GoodLife’s good works focus on kids’ fitness
As a part of its commitment to building strong and healthy communities, GoodLife Fitness is involved in numerous philanthropic and socially responsible initiatives. The company’s charitable activities include funding cardiovascular rehabilitation and prevention, promoting autism research and support, and creating affordable fitness opportunities for veterans.
But perhaps the way in which GoodLife’s good will can have the biggest impact is by encouraging the next generation of Canadians to make physical activity part of their lifestyle. “What GoodLife really cares about is changing lives, and we help make that happen for kids too,” says Lisa Burrows, executive director of GoodLife Kids Foundation, from the company’s head office in London, Ont. “We believe that by providing really positive physical activity experiences early in life, we increase the likelihood that kids will want to stay active and create fitness habits that will last a lifetime.”
GoodLife Kids Foundation ( goodlifekids. com) has made a difference in the lives of almost 250,000 Canadian kids through physical activity opportunities. The foundation focuses on three main programs: The GoodLife4Kids School Program, now in its second year, sees GoodLife Kids Foundation coaches go into partner schools, free of charge, to mentor teachers and provide fun fitness activities for Grade 4 classes. The program runs either during gym class, regular class time, recess or before or after school, on a regular basis that suits each individual location.
“Grade 4 seems to be the year just before kids start getting into sports activities that are more structured,” says Burrows, noting that about 75 schools will be participating in the program by June of this year. “This program builds basic fitness skills and puts kids in the position to be motivated and successful in those next years, whether in sports or other forms of physical activity.”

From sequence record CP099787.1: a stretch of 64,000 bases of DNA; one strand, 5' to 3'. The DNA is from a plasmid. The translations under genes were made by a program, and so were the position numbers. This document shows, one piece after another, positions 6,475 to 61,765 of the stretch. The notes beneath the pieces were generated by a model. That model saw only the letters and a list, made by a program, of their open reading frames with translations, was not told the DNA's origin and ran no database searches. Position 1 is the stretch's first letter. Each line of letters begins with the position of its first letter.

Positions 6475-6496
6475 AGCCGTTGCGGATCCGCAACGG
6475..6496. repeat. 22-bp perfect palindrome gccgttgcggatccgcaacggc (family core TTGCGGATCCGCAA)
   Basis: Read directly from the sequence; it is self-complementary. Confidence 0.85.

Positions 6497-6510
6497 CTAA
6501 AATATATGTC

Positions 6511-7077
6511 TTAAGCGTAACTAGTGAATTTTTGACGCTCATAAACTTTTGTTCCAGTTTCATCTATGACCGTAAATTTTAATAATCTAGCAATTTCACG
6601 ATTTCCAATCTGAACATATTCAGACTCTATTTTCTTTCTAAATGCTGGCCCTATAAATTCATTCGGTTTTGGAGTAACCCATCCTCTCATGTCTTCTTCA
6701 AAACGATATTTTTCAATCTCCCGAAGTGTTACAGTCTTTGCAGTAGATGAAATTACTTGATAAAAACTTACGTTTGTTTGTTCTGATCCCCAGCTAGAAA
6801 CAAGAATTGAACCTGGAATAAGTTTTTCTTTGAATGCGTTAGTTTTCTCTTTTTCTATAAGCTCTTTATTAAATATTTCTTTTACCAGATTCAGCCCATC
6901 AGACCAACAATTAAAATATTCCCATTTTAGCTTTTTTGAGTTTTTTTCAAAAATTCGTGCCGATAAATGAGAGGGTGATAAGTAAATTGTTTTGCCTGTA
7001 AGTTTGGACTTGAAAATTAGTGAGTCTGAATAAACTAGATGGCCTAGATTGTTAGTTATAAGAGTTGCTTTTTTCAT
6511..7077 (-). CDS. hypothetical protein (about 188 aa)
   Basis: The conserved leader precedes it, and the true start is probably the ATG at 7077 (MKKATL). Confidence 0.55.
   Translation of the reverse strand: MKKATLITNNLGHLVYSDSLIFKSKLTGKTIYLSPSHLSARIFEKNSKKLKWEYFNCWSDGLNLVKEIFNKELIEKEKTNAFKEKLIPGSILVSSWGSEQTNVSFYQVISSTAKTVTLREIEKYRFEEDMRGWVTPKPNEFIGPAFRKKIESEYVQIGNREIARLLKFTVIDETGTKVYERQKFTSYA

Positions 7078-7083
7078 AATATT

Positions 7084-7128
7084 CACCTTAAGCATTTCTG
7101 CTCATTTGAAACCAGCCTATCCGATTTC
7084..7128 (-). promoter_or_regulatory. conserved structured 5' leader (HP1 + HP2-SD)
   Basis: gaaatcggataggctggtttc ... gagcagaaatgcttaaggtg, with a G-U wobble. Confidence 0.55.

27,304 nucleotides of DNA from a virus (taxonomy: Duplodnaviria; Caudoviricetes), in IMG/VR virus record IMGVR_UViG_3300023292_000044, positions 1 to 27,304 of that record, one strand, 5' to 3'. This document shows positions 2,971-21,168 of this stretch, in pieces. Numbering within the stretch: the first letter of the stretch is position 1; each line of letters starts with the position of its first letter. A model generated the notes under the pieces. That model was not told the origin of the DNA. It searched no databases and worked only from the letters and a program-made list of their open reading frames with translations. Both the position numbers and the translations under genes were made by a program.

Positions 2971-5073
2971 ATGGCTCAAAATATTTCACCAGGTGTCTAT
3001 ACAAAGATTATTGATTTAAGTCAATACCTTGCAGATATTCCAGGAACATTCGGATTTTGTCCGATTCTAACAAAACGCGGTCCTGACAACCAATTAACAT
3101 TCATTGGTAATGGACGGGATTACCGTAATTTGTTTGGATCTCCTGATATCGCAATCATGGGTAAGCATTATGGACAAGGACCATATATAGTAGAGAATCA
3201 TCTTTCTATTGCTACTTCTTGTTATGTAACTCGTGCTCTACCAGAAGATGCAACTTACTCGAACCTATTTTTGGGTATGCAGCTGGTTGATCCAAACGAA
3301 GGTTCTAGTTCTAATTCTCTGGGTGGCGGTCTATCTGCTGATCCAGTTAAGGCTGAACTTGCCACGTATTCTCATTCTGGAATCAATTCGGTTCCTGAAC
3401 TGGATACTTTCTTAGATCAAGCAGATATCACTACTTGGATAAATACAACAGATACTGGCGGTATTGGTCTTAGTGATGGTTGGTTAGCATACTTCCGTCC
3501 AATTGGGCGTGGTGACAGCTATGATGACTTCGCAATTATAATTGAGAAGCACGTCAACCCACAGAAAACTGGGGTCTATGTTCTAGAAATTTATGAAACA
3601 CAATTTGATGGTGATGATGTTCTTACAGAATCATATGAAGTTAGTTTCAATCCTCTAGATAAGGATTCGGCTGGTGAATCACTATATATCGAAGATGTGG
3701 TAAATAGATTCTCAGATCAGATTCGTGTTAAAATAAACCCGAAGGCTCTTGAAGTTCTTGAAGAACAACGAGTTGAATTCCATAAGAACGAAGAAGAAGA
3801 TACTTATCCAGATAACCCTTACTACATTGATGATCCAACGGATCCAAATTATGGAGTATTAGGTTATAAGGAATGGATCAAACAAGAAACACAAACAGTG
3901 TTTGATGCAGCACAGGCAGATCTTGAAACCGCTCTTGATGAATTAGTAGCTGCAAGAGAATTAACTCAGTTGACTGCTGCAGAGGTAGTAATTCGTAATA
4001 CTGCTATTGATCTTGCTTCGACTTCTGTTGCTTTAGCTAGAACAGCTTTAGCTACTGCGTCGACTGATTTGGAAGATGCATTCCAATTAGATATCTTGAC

The foundation’s grant program provides funding for ongoing physical activity programs with a focus on programs serving children with special needs. Grants improve community access and help remove some of the barriers preventing children from living active lives. The annual Win 4 Kids contest (win4kids. com) invites the public to nominate programs in their communities that are getting kids active. Ten finalists get to share $ 100,000, with the amount of money awarded to each group determined by an online voting process. Contest results will be announced March 5 during the foundation’s annual Spin4Kids Plus indoor fitness fundraising event, taking place in more than 65 locations across Canada.
Teenagers represent another important segment of the population that benefits from GoodLife’s commitment to getting all Canadians fit and active. Every July and August, through the Teen Fitness program, young people between ages 12 and 17 can use all GoodLife Fitness clubs from coast- tocoast for free between 8 a.m. and 4 p.m.
The program was created as a way to give back to communities and help establish healthy habits in youth. More than 60,000 teens register for the program each year.
GoodLife4Kids school program coach Anne-Marie Calhoun catches her breath after a fitness class with physical education team Patrick De Vuono and elementary
students from St. John Vianney School in Rexdale, Ont.